Preclinical Model Systems to Study GBM and AML
In Vitro Approach
With the aim of simulating the brain-like microenvironment in terms of mechanosensing properties for studying the cell-ECM interactions in vitro, we have taken advantage of polyacrylamide hydrogels system to mimic the substrate stiffness existing in the brain microenvironment. Using this hydrogel model developed in collaboration with Dr. Abhijit Majumder at IIT, Bombay, we have seen that relapse cells show different morphology on softer substrates as compared to the parent, and have enhanced single cell velocity, proliferation rate, invasion, and chemoresistance as seen in clinical settings. Additionally, EGFR is known to be amplified in 30% of GBM patients and contributes to the aggressive phenotype of the tumor, the hydrogel model, could also capture this clinical phenotype EGFR is upregulated only in the relapse cells seeded on a softer substrate. Currently, we are analyzing the role of EGFR in the mechanosensing properties of relapse GBM cells with respect to ECM stiffness. Furthermore, we are examining the role of cell-cell interactions in 3D culture conditions, wherein we have observed that the relapse cells form more tight and compact clumps as compared to the parent cells, which form loose aggregates. We are now trying to deduce the molecular pathways that may be involved in the crosstalk between cell adhesion and survival in relapse cells.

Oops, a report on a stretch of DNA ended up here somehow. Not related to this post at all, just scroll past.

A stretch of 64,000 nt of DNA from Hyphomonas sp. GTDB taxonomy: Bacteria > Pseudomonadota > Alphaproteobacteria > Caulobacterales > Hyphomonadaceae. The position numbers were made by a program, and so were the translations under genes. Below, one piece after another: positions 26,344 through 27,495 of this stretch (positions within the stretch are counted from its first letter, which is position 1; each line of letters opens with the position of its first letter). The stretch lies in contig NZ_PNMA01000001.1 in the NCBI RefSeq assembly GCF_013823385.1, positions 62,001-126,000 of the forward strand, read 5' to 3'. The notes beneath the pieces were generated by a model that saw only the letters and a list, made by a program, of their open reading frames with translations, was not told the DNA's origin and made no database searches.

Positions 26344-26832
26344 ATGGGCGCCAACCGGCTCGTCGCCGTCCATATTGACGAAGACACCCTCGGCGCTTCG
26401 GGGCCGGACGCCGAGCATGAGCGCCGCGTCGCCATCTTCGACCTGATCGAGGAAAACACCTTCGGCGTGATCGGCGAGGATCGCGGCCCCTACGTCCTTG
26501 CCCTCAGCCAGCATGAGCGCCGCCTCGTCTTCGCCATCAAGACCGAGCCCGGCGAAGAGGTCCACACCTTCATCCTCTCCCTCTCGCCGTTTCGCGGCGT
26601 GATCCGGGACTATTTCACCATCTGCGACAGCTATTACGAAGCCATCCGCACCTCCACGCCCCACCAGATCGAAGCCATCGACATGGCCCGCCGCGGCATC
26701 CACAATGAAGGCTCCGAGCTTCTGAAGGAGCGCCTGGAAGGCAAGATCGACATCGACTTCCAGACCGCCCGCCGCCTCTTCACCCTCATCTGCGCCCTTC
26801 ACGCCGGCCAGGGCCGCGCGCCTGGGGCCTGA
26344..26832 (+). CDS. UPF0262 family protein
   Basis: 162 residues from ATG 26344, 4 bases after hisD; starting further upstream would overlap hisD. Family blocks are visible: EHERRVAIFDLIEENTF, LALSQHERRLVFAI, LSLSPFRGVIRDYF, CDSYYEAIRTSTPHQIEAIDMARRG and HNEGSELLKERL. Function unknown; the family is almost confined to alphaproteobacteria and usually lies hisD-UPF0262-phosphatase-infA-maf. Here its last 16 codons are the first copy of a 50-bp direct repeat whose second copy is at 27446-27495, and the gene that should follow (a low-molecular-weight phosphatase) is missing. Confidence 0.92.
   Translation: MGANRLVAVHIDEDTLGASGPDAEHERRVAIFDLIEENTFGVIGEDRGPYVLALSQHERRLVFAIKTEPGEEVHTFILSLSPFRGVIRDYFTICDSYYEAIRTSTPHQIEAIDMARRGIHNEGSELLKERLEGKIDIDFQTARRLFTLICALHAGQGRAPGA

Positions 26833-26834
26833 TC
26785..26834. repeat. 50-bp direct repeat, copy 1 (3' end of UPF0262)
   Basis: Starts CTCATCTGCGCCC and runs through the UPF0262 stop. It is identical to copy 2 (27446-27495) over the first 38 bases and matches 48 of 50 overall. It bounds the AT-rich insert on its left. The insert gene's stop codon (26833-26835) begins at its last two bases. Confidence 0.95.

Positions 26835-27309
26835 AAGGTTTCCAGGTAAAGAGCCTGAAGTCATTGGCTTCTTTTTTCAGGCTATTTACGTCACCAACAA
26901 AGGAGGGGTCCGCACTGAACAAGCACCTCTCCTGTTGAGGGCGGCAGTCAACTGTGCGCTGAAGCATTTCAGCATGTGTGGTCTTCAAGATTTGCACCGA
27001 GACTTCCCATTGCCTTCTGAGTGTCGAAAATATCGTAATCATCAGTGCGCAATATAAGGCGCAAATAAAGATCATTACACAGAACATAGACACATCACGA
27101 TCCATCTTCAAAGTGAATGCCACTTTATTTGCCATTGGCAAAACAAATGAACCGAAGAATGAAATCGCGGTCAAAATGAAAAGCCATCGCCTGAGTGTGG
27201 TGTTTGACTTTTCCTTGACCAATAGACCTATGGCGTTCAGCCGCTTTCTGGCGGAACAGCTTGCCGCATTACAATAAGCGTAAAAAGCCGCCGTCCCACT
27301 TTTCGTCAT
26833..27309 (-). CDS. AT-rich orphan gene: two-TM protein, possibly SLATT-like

In Vivo Approach
In order to decode the underlying molecular mechanisms responsible for GBM therapy resistance and recurrence in vivo, we have established orthotopic mouse models by intracranial injections of GBM cell lines and patient samples (patient-derived orthotopic xenografts). The superiority of orthotopic models lies in their higher ability to recapitulate the original tumor. A detailed understanding of these resistance mechanisms can help to develop novel therapeutic regimes, which can potentially prevent or delay tumor recurrence and significantly improve patient survival. Similarly, in the case of Acute Myeloid Leukemia (AML), despite the achievement of complete morphological remission in 60-70% of cases, most of them relapse. The presence of less than 5% of bone marrow blasts serve as a post-therapy prognosticator and is termed as the minimal residual disease (MRD) state, presence of residual cells has been reported to be correlated with poor therapy response and survival, thereby suggesting a vital role of these residual cells in resistance and relapse. However, a complete understanding of the active resistance mechanisms in these residual AML cells formed in vivo is lacking. Thus, we are developing a preclinical mouse model to recapitulate the clinical scenario of MRD state in order to examine the molecular mechanisms of resistance in these MRD cells.